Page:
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Me, My Feet and I

Freshly Painted Toes, Ottawa, June 2012

I don’t have a foot fetish. Quite the opposite, actually: I have never liked my feet much. For a start, I have big feet: I’m a size 10 in Canada. Sure, I’m also 5’7 so it’s quite unlikely I would be comfortable walking around with size 6 feet but still, I’ve always wanted to have cute little feet.

And not only my feet aren’t supermodel size, they aren’t molded to fit in stilettos or whatever expensive fancy shoes women are supposed to like. Honestly, I have no idea how other women manage to slide their feet into these pointy shoes. Don’t they have toes that get hopelessly squished? Don’t they feel pain?

I like wearing comfortable shoes, and that’s my downfall. A long long time ago, back when I was a teen, a snotty salesperson stared at the scattered shoeboxes around me and sighed: “If you keep on wearing shoes made for walking, you will never fit into real women’s shoes later on. Your feet will expand,” she added, tsk-tsking all she could, “and your toes will be used to way too much wiggle room.”

I glanced at her feet, squeezed into what seemed to be size 3 stilettos. “I’ll take this pair of Doc Marten’s shoes, thanks.”

Sometimes you just have to decide what it is worth to be self-conscious about. My feet? Not so much.

So yes, maybe my toes were given too much freedom, and maybe my feet are too large for fancy “Sex in the City” pairs of shoes. But hey, at least I don’t spend a week’s salary on Manolo Blahnik designer shoes. And I can actually walk around without being in pain.

Since I started to appreciate my feet, I figured they deserved something nice. Like a pedicure.

I had never heard of pedicure services when I lived in France. I might have read about it in Cosmopolitan or Biba, but I thought such luxuries were only offered in fancy beauty salons in Paris.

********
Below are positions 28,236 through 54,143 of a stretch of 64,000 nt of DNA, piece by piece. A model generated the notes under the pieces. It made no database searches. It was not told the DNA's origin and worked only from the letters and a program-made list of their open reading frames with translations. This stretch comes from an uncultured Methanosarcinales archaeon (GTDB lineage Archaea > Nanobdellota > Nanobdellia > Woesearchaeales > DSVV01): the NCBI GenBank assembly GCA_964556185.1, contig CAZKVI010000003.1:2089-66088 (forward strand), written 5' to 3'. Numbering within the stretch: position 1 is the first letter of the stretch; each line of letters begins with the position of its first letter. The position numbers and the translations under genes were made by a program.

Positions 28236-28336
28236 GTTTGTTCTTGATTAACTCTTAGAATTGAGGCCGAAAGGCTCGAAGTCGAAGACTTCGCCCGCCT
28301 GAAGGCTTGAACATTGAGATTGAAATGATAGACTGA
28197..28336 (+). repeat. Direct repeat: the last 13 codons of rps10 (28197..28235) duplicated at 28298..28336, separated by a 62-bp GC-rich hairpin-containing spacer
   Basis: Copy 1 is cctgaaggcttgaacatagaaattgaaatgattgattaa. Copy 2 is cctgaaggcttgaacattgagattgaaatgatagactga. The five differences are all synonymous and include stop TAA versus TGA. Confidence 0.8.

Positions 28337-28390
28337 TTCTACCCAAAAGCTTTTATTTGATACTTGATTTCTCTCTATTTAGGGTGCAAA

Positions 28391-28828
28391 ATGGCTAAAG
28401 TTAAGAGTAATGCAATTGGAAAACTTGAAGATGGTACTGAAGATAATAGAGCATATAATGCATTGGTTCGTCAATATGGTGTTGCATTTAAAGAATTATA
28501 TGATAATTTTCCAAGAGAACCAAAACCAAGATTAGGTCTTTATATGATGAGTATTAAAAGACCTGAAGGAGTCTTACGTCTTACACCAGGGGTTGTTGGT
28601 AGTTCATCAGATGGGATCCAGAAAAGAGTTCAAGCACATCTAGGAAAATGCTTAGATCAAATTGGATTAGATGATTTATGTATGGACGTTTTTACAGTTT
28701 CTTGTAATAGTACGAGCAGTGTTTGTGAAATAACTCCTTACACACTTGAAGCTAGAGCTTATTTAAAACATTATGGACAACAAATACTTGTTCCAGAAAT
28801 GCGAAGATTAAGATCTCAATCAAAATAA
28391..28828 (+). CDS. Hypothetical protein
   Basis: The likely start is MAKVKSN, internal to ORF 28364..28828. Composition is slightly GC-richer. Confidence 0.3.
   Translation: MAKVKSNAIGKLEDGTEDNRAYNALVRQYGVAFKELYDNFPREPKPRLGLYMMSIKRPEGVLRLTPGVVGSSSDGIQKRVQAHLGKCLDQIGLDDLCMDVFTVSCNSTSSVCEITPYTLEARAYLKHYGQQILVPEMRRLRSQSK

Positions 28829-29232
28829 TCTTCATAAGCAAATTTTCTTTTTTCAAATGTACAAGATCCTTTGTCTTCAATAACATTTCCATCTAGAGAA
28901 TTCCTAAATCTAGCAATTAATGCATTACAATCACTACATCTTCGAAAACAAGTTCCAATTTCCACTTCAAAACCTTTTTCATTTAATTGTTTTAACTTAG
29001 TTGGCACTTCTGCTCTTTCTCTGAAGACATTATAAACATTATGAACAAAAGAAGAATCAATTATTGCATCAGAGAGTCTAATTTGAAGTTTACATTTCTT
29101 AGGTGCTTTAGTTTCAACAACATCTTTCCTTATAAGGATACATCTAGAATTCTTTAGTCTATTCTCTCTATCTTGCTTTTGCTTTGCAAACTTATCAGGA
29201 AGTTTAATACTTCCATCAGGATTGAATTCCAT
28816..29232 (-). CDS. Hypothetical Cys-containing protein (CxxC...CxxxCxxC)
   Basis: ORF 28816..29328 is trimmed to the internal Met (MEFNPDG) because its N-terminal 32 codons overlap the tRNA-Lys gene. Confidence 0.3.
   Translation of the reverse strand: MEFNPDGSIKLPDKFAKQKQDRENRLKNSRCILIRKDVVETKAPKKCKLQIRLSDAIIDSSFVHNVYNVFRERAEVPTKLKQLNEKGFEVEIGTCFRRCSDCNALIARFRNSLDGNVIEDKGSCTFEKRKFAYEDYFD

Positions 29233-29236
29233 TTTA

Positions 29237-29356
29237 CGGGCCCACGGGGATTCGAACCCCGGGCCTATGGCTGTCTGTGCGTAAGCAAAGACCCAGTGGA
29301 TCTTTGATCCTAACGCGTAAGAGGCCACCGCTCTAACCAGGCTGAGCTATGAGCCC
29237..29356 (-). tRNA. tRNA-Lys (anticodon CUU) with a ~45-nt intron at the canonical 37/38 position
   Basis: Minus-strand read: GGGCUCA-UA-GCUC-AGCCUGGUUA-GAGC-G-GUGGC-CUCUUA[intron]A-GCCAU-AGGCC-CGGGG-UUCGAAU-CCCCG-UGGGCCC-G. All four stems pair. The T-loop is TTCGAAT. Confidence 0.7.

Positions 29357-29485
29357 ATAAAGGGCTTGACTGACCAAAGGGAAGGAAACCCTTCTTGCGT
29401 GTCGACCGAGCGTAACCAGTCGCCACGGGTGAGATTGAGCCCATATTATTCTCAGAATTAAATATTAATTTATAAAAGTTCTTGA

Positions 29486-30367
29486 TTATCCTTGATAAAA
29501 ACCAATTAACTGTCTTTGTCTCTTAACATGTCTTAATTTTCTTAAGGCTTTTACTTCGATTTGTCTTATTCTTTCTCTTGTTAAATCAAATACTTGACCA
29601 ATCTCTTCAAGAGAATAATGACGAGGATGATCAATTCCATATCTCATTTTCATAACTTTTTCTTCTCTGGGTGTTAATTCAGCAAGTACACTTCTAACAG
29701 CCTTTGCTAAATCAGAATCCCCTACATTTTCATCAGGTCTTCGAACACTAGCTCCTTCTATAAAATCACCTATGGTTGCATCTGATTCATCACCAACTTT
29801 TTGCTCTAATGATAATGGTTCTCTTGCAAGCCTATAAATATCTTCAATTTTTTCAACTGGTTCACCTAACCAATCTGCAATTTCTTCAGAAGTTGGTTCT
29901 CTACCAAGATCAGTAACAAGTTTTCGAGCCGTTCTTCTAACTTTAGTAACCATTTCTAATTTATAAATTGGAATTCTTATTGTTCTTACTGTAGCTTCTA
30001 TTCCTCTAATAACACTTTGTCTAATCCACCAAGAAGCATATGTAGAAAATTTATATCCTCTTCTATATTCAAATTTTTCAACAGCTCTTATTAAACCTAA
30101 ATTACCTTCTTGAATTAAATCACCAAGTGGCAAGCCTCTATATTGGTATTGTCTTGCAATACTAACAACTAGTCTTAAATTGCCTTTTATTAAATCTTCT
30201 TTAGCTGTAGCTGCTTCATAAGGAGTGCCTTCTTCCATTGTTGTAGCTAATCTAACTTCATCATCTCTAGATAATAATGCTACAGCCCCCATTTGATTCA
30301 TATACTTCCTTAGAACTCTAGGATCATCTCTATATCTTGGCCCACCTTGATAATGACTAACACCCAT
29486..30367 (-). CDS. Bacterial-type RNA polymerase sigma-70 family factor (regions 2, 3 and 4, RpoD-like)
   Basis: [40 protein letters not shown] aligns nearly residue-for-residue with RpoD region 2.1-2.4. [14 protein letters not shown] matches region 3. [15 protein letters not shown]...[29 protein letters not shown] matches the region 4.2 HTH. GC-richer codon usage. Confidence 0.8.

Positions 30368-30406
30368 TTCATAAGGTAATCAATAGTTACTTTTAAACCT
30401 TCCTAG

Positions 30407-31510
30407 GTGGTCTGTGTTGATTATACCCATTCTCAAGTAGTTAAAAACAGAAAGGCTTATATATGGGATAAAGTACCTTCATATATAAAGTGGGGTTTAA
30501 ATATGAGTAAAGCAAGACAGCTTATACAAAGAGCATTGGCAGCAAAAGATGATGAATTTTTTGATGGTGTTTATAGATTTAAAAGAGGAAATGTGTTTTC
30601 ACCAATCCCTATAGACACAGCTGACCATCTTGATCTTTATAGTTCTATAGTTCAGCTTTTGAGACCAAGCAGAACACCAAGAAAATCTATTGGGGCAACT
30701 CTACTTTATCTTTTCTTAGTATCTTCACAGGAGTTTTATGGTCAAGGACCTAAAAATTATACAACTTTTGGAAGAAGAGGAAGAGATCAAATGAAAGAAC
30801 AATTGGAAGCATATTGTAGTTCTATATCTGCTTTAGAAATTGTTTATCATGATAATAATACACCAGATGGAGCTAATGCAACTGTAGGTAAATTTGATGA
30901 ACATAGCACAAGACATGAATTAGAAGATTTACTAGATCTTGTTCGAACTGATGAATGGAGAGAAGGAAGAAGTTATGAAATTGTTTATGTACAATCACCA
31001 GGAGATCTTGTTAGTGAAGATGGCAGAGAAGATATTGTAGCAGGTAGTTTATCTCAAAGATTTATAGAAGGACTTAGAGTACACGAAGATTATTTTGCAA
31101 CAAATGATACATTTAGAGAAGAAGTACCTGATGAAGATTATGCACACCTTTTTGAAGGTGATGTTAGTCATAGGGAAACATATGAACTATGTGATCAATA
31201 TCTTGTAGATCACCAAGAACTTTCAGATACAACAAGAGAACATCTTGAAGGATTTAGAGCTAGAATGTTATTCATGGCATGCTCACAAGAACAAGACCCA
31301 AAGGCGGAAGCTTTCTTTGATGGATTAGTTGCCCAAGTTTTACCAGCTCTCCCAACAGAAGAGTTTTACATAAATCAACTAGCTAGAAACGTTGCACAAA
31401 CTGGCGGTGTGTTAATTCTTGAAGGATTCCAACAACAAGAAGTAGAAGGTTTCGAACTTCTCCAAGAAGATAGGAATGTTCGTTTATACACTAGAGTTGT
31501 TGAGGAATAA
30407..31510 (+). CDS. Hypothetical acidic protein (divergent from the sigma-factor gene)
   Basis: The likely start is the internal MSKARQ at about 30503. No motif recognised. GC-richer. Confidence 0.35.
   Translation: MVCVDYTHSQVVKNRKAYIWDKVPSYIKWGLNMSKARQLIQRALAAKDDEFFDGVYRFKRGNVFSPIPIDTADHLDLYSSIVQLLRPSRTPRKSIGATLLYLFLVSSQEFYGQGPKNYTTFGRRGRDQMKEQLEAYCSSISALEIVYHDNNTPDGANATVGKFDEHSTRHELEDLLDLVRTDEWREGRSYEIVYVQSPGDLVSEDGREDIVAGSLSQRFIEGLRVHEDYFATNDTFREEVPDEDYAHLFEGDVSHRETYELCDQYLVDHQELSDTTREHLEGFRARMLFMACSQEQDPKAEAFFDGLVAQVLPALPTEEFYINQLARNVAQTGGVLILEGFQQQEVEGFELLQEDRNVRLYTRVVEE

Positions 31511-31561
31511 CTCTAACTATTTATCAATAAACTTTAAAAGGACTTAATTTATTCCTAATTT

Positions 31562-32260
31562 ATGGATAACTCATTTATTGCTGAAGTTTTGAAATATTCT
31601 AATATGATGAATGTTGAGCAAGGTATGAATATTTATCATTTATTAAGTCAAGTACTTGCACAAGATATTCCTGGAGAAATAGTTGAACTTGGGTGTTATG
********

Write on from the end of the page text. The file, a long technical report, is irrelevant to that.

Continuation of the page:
When I came to Canada, I realized a lot of women were actually getting pedicures. When I was a French teacher, most of my female students celebrated spring and summer with a fresh coat of polish professionally applied. “You should try it!” they encouraged me. “Pedicures are great!”

The only thing that was holding me back was the price. My students were going to one of the many spa places on Bank Street, and apparently a pedicure was about $60 plus the goddam compulsory tip.

So I waited, saved and eventually booked my pedicure appointment.

The experience? Not that great actually. My toes looked great and everything but I found the whole process awkward. It’s hard not to make conversation when you are lying on a table and someone is cutting your nails—unlike when you get a massage (where silence is expected for a relaxing experience) or a haircut (where the loud hairdryer saves you from too much conversation), you have no excuse to avoid the obligatory small talk.

At the end of the hour-long experience, my feet looked good but it really wasn’t worth the money spent. I chalked it up to experience and moved on.

That is, until I discovered nail bars a few years later.

See, getting a pedicure in a spa is a bit of a waste, when you can have your feet (and hands) done for much cheaper at a nail bar.

A nail bar is usually a small room with a row of pedicure chairs and a row of manicure tables. Such places are always busy with walk-in customers in need of some pampering—these are informal places, no need to make an appointment. The staff is typically Asian, often Vietnamese in Ottawa. Best of all: they charge much less than so-called “Spa pedicures”, usually around $28.

As soon as you step in, you pick a nail polish (on display on the wall) and sit in one of the pedicure massage chairs, feet in warm bubbly water. You can grab a stack of silly magazines—People or other gossip rags—the talking will be minimal. At most, the staff say will say “feet in water”, “feet out of water” or “colour okay?”

And you sit there for an hour or so, while your nails are cut, cuticles are gently pushed, dead skin is rubbed off, feet are exfoliated, legs are massaged and a fresh coat of nail polish is applied. Then you have to let it dry—an exercise in patience.

I love getting pedicures in this kind of informal environment, and I treat myself to one every month or so. Best pampering for the price.

And it made me appreciate my feet, so that’s therapy… right?

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